The History of Buddhism
Dr. C. George Boeree
Soon after Buddha’s death or parinirvana, five hundred monks met at the first council at Rajagrha, under the leadership of Kashyapa. Upali recited the monastic code (Vinaya) as he remembered it. Ananda, Buddha’s cousin, friend, and favorite disciple — and a man of prodigious memory! — recited Buddha’s lessons (the Sutras). The monks debated details and voted on final versions. These were then committed to memory by other monks, to be translated into the many languages of the Indian plains. It should be noted that Buddhism remained an oral tradition for over 200 years.
In the next few centuries, the original unity of Buddhism began to fragment. The most significant split occurred after the second council, held at Vaishali 100 years after the first. After debates between a more liberal group and traditionalists, the liberal group left and labeled themselves the Mahasangha — “the great sangha.” They would eventually evolve into the Mahayana tradition of northern Asia.
The traditionalists, now referred to as Sthaviravada or “way of the elders” (or, in Pali, Theravada), developed a complex set of philosophical ideas beyond those elucidated by Buddha. These were collected into the Abhidharma or “higher teachings.” But they, too, encouraged disagreements, so that one splinter group after another left the fold. Ultimately, 18 schools developed, each with their own interpretations of various issues, and spread all over India and Southeast Asia. Today, only the school stemming from the Sri Lankan Theravadan survives.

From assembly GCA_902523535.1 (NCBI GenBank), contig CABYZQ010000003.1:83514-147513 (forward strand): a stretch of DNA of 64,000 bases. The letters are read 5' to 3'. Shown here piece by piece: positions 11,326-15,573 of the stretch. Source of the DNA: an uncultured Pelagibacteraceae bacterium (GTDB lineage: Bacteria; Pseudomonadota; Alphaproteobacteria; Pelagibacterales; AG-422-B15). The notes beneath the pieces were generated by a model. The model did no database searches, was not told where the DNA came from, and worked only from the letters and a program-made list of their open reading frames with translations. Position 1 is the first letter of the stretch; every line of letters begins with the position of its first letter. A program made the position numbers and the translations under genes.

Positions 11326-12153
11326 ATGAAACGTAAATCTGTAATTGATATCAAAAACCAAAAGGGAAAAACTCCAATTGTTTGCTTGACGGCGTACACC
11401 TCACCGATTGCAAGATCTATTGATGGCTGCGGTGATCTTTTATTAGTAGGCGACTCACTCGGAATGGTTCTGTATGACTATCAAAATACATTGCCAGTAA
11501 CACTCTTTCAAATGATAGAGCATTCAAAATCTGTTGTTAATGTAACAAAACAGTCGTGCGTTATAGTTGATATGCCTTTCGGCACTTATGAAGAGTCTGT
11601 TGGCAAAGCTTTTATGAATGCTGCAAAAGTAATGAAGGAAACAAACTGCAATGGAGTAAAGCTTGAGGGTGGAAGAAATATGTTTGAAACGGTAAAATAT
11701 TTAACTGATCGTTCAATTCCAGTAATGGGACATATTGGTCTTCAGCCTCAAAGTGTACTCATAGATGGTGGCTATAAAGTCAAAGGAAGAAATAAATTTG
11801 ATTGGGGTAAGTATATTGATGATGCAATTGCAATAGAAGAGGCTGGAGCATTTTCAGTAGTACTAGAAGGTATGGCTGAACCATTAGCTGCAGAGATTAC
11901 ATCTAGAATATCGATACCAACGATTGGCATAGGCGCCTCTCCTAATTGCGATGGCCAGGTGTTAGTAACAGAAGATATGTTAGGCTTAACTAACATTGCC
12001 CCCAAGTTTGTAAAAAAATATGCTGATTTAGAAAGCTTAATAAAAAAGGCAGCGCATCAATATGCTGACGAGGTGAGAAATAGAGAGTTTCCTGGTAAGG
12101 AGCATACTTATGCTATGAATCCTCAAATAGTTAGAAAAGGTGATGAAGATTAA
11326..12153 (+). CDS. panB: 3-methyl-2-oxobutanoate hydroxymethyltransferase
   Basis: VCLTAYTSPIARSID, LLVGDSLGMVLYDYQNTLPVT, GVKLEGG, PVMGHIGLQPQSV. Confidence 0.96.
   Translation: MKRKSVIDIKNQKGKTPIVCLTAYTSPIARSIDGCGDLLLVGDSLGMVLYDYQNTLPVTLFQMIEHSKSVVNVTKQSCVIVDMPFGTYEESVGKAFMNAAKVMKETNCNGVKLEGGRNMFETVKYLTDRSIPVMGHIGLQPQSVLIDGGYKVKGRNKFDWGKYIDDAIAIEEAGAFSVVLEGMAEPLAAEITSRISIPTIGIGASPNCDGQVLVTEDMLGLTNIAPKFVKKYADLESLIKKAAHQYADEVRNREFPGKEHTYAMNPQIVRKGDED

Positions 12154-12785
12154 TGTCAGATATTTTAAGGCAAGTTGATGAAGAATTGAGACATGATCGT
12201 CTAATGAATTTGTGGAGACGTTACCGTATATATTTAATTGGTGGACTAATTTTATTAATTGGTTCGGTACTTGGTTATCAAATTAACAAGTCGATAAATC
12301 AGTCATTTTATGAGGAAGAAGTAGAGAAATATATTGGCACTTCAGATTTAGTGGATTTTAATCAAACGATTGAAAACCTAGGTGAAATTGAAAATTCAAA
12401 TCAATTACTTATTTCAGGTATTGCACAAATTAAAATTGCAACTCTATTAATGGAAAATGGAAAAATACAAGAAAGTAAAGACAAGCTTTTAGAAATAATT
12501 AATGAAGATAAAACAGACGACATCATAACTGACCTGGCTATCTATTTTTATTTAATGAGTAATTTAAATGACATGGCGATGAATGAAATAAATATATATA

One of the most significant events in the history of Buddhism is the chance encounter of the monk Nigrodha and the emperor Ashoka Maurya. Ashoka, succeeding his father after a bloody power struggle in 268 bc, found himself deeply disturbed by the carnage he caused while suppressing a revolt in the land of the Kalingas. Meeting Nigrodha convinced Emperor Ashoka to devote himself to peace. On his orders, thousands of rock pillars were erected, bearing the words of the Buddha, in the brahmi script — the first written evidence of Buddhism. The third council of monks was held at Pataliputra, the capital of Ashoka’s empire.
There is a story that tells about a poor young boy who, having nothing to give the Buddha as a gift, collected a handful of dust and innocently presented it. The Buddha smiled and accepted it with the same graciousness he accepted the gifts of wealthy admirers. That boy, it is said, was reborn as the Emperor Ashoka.
Ashoka sent missionaries all over India and beyond. Some went as far as Egypt, Palestine, and Greece. St. Origen even mentions them as having reached Britain. The Greeks of one of the Alexandrian kingdoms of northern India adopted Buddhism, after their King Menandros (Pali: Milinda) was convinced by a monk named Nagasena — the conversation immortalized in the Milinda Pañha. A Kushan king of north India named Kanishka was also converted, and a council was held in Kashmir in about 100 ad. Greek Buddhists there recorded the Sutras on copper sheets which, unfortunately, were never recovered.
It is interesting to note that there is a saint in Orthodox Christianity named Josaphat, an Indian king whose story is essentially that of the Buddha. Josaphat is thought to be a distortion of the word bodhisattva.